A ministerial order issued under Alberta’s former environment minister said no new applications will be accepted until land use planning for the area is complete or until the regulator receives a letter from either the province’s energy or environment ministers authorizing it.
At least two members of the group that recommended a pause on coal mining in Alberta’s Rocky Mountains are concerned the province’s regulator appears to have accepted applications to renew an already twice-denied project, in seeming contradiction of government policy.
“It is very concerning that this application appears to have been accepted,” said Ron Wallace, who headed a nine-month public investigation into how Alberta should deal with proposals for open-pit coal mines on the eastern slopes of the Rockies — a commission that recommended a moratorium on such development the government quickly enacted.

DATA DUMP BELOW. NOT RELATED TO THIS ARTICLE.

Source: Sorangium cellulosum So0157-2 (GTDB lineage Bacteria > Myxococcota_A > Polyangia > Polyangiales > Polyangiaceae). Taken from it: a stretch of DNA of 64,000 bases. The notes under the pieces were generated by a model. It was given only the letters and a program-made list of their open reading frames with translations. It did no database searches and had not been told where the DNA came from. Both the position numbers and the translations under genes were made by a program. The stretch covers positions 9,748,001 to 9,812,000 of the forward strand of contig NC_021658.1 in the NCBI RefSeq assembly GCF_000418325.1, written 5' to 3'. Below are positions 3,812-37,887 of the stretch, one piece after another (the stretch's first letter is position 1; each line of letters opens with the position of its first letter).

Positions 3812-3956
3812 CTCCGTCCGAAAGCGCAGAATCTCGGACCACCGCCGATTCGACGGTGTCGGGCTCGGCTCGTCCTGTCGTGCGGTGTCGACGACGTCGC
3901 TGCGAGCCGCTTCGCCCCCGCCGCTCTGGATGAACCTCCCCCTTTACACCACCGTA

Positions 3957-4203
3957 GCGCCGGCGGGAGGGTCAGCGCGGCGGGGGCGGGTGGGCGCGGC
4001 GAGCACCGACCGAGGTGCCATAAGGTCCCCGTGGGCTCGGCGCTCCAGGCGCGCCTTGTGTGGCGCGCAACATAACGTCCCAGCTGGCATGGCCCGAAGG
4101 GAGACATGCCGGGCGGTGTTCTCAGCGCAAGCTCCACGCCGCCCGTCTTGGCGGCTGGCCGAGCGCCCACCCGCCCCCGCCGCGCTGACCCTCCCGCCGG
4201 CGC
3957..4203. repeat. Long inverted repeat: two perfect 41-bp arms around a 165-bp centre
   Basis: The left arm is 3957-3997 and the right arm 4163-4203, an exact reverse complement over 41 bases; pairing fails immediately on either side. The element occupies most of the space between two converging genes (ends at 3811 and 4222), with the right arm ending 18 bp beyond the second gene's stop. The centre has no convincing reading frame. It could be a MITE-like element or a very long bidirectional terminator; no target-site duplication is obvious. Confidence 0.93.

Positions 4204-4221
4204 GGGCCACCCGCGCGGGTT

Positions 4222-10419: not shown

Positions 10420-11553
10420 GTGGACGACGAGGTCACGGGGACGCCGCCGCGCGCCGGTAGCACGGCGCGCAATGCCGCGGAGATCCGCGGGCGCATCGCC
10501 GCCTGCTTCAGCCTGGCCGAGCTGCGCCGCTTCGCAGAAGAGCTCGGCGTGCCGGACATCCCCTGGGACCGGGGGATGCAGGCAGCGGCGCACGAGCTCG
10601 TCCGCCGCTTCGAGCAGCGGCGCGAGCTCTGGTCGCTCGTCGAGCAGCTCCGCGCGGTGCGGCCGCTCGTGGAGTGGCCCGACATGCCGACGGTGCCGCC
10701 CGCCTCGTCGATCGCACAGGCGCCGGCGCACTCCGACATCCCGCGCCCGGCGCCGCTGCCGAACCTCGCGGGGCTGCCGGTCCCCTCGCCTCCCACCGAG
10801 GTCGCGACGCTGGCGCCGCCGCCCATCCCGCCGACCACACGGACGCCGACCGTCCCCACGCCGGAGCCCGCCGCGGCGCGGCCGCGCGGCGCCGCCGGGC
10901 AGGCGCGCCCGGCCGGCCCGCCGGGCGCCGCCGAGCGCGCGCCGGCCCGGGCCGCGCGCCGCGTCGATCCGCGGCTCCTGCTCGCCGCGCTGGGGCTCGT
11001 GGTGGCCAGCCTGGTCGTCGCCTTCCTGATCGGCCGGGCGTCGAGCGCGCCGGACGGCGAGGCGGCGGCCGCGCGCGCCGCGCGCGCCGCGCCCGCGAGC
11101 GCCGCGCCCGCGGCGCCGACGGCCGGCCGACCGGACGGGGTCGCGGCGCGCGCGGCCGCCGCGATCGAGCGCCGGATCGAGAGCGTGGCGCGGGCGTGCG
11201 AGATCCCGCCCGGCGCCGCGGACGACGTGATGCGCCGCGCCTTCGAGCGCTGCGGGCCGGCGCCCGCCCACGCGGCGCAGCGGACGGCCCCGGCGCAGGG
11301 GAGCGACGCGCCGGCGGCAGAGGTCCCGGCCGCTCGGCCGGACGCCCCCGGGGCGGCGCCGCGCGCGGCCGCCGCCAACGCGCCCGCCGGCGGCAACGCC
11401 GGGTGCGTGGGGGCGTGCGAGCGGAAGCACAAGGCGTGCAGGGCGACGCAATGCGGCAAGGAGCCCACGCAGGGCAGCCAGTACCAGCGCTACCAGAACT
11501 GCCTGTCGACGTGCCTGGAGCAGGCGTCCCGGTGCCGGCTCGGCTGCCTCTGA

Last week, the Australia-based company Northback Holdings resurrected a proposal for the Grassy Mountain steelmaking coal mine in the Crowsnest Pass region of southern Alberta, applying for three licences from the Alberta Energy Regulator allowing them to divert water, drill and run a coal exploration program.
That’s despite a ministerial order issued under former environment minister Sonya Savage. That order says no new applications will be accepted until land-use planning for the area is complete or until the regulator receives a letter from either the province’s energy or environment ministers authorizing it.
“The recommendations from the coal committee were very clear,” said Wallace.
Neither condition has been met.
Bill Trafford, another former member of the committee and an area landowner, said the regulator’s reception of Northback’s application appears to be going against government policy.
“Nobody can figure out how the (regulator) could possibly accept an application from these guys,” he said. “They should have told these guys there’s no point in putting in an application because you can’t get past (the process).”